Under current policies, Germany is already on a path that cuts GHG emissions by more than 45% (60% versus 1990 levels) by 2050. The country can achieve a 77% emissions reduction (80% versus 1990 levels) by pushing further the use of proven technologies—and, if properly orchestrated, such a move would be economically viable even if Germany moves forward unilaterally. With global cooperation, a 93% reduction (95% versus 1990 levels) would not harm economic growth, although it would test the boundaries of foreseeable feasibility and require further maturing of, or overcoming acceptance hurdles against, some technologies. In an unprecedented position paper, the Bundesverband der Deutschen Industrie (BDI)—the German Industry Association, which commissioned the study—united behind the core findings and demanded more systematic climate action by the German government.

Delivering the German contribution toward a global 2°C scenario requires that emissions decline by 93% from 2015 levels, to 62 million metric tons of carbon dioxide equivalent (Mt CO2e), by 2050. This is an ambitious goal, to say the least; for most sectors of the German economy, emissions would need to be eliminated entirely. Nevertheless, achieving very substantial reductions is well within reach. Under current regulations and assuming current technology trends, Germany is on a path to reduce GHG emissions from 2015 levels by approximately 45% by 2050. Up to 77% lower emissions can be achieved by expanding further the use of proven technologies. Doing so would require the following changes:

  • In the power sector, wind and solar power would need to cover more than 80% of demand, and Germany’s coal and lignite generation would need to be phased out in favor of gas to still provide sufficient flexible backup capacity.33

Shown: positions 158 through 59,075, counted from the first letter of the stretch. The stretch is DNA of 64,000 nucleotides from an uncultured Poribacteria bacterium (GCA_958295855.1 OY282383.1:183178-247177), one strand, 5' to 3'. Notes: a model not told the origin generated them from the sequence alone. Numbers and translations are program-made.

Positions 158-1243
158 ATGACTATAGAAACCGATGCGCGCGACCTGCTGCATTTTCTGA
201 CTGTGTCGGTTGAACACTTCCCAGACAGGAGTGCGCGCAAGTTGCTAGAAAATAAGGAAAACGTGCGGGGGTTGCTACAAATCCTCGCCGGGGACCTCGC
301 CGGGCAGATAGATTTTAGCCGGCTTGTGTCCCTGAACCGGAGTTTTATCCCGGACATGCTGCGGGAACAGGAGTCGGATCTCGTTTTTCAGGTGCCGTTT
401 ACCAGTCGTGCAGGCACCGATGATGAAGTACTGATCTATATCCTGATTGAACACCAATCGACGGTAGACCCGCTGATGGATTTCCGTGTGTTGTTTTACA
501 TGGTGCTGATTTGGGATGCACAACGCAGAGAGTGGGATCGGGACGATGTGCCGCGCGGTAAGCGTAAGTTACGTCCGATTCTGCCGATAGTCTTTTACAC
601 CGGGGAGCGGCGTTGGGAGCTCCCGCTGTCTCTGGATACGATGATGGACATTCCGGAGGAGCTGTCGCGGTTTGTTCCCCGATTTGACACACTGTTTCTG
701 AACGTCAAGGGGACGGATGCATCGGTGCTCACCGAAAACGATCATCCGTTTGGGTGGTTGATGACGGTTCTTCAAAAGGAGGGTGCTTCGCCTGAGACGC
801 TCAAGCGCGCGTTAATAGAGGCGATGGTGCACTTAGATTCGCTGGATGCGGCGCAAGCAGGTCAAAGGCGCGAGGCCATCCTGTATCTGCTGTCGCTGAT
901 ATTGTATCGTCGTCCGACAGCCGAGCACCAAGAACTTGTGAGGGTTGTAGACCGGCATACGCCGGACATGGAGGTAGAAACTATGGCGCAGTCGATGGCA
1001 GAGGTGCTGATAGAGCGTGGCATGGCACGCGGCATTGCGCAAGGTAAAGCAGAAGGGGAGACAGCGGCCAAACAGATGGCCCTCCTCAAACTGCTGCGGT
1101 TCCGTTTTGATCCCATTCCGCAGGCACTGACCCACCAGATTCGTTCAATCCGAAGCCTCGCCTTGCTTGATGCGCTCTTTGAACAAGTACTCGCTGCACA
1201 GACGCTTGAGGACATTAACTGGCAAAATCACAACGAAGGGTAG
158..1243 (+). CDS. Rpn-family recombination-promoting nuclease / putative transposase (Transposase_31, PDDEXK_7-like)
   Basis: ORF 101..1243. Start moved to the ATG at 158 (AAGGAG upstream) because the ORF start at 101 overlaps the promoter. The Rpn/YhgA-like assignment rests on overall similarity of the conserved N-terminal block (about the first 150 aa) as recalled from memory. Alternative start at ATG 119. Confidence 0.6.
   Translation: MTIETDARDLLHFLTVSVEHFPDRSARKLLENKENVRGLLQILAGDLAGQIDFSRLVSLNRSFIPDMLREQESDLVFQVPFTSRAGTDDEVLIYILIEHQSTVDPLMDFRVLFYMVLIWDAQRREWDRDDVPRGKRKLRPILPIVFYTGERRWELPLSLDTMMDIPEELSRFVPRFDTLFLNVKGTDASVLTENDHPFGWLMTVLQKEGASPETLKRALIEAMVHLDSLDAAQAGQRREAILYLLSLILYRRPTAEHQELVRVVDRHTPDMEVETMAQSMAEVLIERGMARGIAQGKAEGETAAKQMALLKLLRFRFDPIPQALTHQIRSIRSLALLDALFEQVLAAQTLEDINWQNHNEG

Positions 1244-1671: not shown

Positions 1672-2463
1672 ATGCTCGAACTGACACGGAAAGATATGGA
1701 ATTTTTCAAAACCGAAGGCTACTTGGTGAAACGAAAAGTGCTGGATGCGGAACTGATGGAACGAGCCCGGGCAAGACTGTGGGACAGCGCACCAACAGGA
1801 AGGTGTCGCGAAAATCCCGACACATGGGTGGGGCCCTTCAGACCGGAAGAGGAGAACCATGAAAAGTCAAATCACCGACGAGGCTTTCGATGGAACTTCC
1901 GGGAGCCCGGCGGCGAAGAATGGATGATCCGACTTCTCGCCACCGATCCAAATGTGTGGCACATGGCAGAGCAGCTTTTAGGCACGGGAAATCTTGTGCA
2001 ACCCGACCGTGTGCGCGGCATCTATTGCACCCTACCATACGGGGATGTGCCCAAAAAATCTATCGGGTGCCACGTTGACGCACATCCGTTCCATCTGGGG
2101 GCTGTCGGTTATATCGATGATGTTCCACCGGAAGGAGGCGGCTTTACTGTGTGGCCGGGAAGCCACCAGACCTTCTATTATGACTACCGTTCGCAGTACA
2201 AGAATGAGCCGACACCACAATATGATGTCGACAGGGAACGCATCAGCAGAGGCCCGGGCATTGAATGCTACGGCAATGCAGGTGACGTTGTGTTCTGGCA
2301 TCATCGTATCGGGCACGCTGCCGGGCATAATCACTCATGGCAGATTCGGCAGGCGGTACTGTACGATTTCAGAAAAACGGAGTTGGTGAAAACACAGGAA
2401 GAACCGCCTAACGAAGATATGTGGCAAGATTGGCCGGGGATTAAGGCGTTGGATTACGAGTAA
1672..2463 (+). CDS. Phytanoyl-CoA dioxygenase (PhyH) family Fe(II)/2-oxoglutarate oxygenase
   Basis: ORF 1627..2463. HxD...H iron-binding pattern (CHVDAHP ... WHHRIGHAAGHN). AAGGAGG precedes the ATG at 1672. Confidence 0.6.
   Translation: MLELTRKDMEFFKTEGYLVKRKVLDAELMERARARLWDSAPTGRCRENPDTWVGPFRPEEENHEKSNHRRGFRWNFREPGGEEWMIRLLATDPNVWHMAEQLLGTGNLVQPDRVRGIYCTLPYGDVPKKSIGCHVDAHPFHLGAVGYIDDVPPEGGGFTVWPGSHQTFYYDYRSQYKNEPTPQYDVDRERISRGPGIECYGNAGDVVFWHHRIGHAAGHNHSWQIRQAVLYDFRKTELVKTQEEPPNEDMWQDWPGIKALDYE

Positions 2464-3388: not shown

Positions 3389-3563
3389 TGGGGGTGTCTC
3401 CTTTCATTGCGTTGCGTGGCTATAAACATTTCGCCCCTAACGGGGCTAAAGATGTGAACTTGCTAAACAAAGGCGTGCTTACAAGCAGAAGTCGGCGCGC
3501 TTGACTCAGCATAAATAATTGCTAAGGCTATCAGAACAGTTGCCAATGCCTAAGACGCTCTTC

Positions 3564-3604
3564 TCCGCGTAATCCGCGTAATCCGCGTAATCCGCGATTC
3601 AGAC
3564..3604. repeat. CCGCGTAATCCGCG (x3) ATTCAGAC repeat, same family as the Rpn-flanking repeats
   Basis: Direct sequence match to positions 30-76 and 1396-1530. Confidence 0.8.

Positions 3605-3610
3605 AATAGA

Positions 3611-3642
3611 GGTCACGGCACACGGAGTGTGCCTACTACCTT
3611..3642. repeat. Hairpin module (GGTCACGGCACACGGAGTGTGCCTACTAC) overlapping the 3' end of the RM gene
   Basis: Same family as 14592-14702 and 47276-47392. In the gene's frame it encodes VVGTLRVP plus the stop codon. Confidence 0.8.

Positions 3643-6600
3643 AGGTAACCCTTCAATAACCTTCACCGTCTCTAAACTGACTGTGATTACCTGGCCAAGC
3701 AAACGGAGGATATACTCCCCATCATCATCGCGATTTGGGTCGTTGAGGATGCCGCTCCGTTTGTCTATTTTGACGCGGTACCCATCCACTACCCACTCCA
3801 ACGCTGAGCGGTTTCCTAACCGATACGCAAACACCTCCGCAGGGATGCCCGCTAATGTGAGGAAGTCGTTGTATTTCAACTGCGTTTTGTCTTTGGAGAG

• In parallel, all sectors would need to intensify their efficiency efforts—to accommodate new power consumers from the building and transportation sectors, and to avoid overstretching Germany’s renewable generation potential.
  • Available biomass should be concentrated in the industrial sector, replacing fossil fuels in process heat generation. (See “A New Strategy for Biomass.”)
  • In the building sector, up to 80% of current building stock would need to be renovated by 2050 (an acceleration of today’s energetic renovations by nearly 70%). Low-emission district heating could replace individual oil and gas heating in urban areas and heat pumps in less populated ones.
  • In transportation, electric mobility would need to take over a large part of road transport— meaning battery power for passenger transport and light commercial vehicles and possibly electric overhead lines for trucks on major highways (a GHG-reduction measure that is already in piloting but remains controversial).

Many other countries face an even harder challenge. To catch up economically, they continue to employ low-cost and carbon-intensive technologies, increasing their per capita and total emissions footprints. To be sure, the investment required is substantial: a total of $1.6 trillion through 2050 (1.1% of annual GDP). 4 But the annual direct add-on costs (after the substantial savings in operating costs are accounted for) are less than $20 billion. Read more on the report here.


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John Bärr